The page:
Like what you hear? Please feel free to download/ listen/ share to the originals!

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But Will The Audience Care?

Tone (noun \ˈtōn\): vocal or musical sound of a specific quality; especially : musical sound with respect to timbre and manner of expression

Tone can make or break a show. Venues get a bad rap if someone thinks a guitarist’s sound was sub-par when, in reality, it was the artist’s fault. Blown tubes, over-saturated distortions, too much bass/ treble and cheap cables may all be grounds for putting on a bad show.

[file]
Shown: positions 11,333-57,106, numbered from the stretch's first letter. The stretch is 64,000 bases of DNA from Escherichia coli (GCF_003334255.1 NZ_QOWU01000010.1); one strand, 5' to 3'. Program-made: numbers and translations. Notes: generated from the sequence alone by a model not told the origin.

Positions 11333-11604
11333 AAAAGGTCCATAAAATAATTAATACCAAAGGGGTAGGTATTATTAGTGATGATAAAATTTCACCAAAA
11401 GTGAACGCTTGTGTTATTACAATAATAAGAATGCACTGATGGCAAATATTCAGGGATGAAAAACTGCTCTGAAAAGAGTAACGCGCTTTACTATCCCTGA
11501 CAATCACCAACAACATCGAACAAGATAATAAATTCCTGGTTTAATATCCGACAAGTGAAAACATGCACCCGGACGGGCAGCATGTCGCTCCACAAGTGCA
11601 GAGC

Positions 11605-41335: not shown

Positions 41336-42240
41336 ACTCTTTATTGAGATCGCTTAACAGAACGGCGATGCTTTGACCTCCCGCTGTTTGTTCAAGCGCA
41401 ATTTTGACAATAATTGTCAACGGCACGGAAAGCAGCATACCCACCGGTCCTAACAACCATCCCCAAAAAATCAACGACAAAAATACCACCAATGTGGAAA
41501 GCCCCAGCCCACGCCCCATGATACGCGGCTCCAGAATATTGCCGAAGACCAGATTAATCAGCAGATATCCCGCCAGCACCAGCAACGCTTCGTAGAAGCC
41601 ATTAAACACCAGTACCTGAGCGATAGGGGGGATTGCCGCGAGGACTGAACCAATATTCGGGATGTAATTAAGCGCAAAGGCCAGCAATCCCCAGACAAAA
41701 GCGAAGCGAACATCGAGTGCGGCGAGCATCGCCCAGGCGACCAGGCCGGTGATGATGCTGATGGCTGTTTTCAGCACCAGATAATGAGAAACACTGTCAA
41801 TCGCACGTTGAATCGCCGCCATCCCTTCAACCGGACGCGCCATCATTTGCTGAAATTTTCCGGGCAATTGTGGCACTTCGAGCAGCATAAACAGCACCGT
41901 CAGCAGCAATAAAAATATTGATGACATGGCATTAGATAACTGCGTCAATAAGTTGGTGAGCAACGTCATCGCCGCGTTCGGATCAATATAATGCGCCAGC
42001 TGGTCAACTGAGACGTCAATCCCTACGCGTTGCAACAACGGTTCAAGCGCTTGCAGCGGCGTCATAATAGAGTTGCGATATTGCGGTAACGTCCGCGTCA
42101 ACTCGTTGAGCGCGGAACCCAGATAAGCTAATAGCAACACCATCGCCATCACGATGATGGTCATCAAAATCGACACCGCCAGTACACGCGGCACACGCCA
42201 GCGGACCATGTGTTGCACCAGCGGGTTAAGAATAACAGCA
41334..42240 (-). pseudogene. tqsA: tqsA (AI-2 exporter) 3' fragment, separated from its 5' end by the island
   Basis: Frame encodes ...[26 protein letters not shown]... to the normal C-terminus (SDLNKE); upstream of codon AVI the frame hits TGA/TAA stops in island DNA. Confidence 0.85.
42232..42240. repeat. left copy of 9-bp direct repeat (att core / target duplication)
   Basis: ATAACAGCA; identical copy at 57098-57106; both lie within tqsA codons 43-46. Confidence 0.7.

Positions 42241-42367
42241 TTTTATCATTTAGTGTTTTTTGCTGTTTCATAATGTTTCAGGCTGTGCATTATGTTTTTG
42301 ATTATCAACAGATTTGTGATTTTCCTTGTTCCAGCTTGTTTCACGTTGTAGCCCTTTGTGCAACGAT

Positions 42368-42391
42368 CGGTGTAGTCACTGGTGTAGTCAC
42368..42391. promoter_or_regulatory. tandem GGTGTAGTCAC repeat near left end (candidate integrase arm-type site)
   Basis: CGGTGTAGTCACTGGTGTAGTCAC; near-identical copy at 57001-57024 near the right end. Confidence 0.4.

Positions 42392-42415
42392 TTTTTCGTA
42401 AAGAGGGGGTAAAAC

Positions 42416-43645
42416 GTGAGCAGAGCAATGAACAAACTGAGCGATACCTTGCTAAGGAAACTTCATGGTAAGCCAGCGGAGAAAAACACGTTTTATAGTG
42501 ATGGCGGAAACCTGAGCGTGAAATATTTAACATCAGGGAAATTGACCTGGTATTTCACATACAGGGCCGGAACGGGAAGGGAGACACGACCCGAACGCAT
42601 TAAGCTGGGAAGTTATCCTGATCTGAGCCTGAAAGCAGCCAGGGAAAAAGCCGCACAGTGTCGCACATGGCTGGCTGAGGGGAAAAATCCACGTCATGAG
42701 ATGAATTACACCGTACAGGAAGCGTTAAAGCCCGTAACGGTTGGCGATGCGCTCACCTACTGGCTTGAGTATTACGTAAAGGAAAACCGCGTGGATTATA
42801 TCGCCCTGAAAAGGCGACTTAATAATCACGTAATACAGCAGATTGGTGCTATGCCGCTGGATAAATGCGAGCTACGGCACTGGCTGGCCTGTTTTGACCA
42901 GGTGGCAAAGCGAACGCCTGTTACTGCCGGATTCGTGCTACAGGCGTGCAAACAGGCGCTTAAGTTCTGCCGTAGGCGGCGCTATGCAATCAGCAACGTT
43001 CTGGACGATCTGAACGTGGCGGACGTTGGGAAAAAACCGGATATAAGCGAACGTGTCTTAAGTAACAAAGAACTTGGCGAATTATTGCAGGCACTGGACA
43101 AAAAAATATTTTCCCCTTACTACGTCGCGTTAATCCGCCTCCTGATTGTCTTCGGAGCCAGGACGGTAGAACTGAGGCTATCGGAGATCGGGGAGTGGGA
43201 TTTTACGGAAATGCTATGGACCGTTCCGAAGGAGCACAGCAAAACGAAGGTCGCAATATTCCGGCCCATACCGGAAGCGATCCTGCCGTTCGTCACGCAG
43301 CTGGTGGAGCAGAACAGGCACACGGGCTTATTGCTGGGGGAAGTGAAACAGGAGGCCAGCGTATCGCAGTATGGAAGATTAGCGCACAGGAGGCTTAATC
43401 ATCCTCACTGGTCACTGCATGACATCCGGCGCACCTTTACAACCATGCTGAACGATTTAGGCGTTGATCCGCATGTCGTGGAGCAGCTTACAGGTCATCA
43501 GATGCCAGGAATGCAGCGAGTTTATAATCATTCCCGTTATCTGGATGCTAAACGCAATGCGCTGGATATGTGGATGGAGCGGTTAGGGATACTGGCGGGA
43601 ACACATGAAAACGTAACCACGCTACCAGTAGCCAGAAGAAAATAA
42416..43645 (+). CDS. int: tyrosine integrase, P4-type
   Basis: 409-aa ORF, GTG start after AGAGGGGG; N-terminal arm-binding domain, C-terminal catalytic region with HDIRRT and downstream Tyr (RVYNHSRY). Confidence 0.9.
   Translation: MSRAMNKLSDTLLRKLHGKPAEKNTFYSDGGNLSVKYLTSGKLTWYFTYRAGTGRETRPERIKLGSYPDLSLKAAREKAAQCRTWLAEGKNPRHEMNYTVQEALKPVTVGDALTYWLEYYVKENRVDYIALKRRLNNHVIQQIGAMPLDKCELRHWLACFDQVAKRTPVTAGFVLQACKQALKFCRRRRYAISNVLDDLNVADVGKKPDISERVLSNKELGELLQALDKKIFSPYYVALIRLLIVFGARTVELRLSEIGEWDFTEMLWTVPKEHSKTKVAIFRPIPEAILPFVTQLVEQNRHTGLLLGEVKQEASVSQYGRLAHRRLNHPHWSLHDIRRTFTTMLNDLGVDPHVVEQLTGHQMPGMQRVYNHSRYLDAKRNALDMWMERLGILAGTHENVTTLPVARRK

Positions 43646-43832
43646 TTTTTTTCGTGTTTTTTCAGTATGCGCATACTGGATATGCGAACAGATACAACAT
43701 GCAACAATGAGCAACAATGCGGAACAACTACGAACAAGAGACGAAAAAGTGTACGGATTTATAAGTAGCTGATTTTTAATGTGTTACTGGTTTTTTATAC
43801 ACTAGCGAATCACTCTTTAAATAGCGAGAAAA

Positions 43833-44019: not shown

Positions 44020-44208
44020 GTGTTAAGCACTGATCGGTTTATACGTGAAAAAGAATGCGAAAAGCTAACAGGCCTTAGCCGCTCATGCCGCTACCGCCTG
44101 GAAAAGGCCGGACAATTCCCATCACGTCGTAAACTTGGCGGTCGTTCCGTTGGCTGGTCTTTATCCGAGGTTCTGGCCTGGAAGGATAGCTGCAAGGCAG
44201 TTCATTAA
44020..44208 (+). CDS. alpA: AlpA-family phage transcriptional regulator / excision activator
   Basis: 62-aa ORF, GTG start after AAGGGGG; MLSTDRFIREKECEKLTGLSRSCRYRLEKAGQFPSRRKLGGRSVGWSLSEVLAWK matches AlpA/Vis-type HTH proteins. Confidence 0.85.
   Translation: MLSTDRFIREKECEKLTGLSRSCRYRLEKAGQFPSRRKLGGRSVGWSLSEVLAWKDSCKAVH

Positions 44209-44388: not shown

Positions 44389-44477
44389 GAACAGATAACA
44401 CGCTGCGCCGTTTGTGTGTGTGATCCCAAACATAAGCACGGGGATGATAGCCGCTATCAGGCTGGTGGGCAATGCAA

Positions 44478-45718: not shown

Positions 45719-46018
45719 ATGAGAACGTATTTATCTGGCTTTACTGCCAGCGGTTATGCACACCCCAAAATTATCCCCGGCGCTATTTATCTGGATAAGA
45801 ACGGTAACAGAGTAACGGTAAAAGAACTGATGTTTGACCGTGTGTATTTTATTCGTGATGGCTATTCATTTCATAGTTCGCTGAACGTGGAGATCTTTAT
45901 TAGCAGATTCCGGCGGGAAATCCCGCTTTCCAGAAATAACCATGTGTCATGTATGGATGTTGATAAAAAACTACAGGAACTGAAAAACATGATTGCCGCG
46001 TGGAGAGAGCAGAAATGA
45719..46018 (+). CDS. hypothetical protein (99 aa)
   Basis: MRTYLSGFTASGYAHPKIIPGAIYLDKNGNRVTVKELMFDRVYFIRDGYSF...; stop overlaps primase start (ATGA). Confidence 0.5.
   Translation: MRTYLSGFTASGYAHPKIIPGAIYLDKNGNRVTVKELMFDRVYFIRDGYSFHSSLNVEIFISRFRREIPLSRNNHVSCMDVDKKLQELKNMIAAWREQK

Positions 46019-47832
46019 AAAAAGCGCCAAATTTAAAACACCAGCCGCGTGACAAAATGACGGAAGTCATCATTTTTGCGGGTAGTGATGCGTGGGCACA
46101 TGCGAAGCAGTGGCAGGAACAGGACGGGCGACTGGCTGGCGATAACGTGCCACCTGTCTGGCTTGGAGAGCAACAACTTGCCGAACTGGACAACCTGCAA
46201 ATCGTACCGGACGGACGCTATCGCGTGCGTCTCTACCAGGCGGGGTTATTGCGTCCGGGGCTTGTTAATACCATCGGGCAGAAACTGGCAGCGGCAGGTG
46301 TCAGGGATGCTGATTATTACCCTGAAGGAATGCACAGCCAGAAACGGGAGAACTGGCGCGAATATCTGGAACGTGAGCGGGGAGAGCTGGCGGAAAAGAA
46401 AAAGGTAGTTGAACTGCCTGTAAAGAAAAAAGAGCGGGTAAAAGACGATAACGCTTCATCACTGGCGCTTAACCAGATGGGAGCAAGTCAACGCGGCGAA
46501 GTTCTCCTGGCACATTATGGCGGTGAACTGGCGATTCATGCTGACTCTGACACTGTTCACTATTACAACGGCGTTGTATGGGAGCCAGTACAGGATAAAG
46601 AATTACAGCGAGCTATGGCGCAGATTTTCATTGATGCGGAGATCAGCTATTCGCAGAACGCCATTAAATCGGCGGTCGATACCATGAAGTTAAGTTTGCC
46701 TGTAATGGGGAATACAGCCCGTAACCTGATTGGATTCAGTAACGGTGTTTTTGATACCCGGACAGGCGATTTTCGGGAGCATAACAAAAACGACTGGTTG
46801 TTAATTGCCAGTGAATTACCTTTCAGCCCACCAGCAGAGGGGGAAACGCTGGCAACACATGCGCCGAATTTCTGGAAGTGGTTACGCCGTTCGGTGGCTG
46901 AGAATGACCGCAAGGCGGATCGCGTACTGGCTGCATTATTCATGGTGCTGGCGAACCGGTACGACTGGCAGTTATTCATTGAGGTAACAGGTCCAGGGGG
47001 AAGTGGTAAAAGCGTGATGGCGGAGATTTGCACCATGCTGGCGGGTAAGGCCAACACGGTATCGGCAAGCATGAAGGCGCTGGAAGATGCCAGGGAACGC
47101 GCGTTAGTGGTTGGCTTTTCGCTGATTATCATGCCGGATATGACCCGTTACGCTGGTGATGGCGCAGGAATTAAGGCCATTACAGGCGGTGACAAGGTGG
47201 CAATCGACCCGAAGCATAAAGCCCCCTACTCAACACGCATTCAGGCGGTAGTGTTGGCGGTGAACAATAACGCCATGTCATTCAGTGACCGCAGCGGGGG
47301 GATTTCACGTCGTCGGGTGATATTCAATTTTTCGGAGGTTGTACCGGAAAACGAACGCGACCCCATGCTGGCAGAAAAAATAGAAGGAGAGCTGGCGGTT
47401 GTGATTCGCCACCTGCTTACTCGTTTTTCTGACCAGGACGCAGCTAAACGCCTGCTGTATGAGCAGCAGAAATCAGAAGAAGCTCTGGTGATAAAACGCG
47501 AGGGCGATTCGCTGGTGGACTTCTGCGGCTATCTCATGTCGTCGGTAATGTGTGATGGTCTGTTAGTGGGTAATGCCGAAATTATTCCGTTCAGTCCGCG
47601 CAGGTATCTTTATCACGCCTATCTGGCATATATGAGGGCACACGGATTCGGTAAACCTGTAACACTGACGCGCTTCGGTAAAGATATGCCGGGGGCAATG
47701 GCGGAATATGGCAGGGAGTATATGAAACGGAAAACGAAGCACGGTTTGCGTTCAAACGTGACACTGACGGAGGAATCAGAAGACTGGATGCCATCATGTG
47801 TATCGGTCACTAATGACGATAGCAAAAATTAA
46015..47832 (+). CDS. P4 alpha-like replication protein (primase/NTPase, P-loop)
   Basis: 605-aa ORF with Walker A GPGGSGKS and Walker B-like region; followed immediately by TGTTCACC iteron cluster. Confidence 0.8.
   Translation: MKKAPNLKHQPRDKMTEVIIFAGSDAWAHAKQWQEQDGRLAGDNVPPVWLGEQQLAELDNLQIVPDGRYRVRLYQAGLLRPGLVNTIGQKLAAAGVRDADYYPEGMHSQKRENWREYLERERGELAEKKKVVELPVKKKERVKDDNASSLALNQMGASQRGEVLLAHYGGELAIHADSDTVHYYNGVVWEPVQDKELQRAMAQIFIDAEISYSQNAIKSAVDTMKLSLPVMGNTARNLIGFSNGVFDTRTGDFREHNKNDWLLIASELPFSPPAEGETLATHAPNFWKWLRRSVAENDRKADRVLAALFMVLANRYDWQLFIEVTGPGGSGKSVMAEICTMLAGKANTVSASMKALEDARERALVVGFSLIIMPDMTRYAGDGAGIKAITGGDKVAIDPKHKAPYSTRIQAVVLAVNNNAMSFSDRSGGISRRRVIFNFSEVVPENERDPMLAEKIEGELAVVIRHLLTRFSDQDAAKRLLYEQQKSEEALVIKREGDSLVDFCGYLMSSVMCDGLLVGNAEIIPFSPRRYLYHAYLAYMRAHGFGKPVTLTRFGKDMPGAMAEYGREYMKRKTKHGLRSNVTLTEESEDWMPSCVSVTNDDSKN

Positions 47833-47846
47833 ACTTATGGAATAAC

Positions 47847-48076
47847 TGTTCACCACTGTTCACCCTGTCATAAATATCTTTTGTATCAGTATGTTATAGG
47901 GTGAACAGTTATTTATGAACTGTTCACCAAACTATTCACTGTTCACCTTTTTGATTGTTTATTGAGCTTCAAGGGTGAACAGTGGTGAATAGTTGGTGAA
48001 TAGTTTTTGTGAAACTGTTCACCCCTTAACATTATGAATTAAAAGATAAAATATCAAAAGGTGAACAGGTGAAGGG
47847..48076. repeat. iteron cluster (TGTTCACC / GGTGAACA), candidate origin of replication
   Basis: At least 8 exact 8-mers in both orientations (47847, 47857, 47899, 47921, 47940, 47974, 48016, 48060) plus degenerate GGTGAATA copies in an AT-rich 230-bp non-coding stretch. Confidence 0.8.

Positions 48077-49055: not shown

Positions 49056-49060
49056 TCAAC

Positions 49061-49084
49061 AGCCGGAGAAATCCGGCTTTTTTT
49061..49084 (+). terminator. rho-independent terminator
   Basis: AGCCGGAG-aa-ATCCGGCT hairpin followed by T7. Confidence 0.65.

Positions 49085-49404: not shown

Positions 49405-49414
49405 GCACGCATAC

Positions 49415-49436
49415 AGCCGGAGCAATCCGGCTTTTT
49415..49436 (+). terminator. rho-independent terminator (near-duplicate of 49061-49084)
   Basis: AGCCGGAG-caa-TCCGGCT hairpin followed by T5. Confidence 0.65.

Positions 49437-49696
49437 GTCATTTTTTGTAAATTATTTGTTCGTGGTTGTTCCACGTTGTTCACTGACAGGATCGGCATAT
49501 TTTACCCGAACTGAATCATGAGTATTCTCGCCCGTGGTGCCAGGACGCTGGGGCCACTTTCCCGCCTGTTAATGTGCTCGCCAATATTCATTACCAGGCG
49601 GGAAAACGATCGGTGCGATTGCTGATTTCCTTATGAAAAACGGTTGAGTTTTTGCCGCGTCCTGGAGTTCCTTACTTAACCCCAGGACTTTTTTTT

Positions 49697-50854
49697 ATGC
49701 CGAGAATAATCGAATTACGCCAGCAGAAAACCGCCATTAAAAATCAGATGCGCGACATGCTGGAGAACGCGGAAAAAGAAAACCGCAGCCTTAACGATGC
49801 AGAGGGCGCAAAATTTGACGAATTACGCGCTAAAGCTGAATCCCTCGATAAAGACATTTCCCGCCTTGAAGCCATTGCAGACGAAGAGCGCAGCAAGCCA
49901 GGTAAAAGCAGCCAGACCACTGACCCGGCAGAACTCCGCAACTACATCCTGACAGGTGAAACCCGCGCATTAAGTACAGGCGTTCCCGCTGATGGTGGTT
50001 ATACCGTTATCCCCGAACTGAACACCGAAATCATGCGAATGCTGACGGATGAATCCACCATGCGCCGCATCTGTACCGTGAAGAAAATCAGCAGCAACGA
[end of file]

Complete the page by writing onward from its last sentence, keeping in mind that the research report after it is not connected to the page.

If you’re an artist, the question becomes: if you go all out on your gear spending thousands while lugging hundreds of pounds worth of gear (think amp heads, pedalboards, amp cabinets, combo amps, etc.), will the audience care?

It’s said tone comes from the hands. If I were to plug in to the Edge‘s gear, I wouldn’t sound like U2. John Mayer would still sound like John Mayer if plugged into Angus Young‘s rig. To think with all guitarists in the world today we all have our own unique set-up is amazing.

From the guitarist’s hands comes the rest of the deciding factors: guitars (inclusive of string choice), pick choice (thickness, material, shape, etc.), cabling, pedals (inclusive of FX Loop and and how they’re routed) and amplifier/ DI options. Should two guitarists share the same set-up, will their pedal/ amp settings be identical? Probably not. But will the audience care?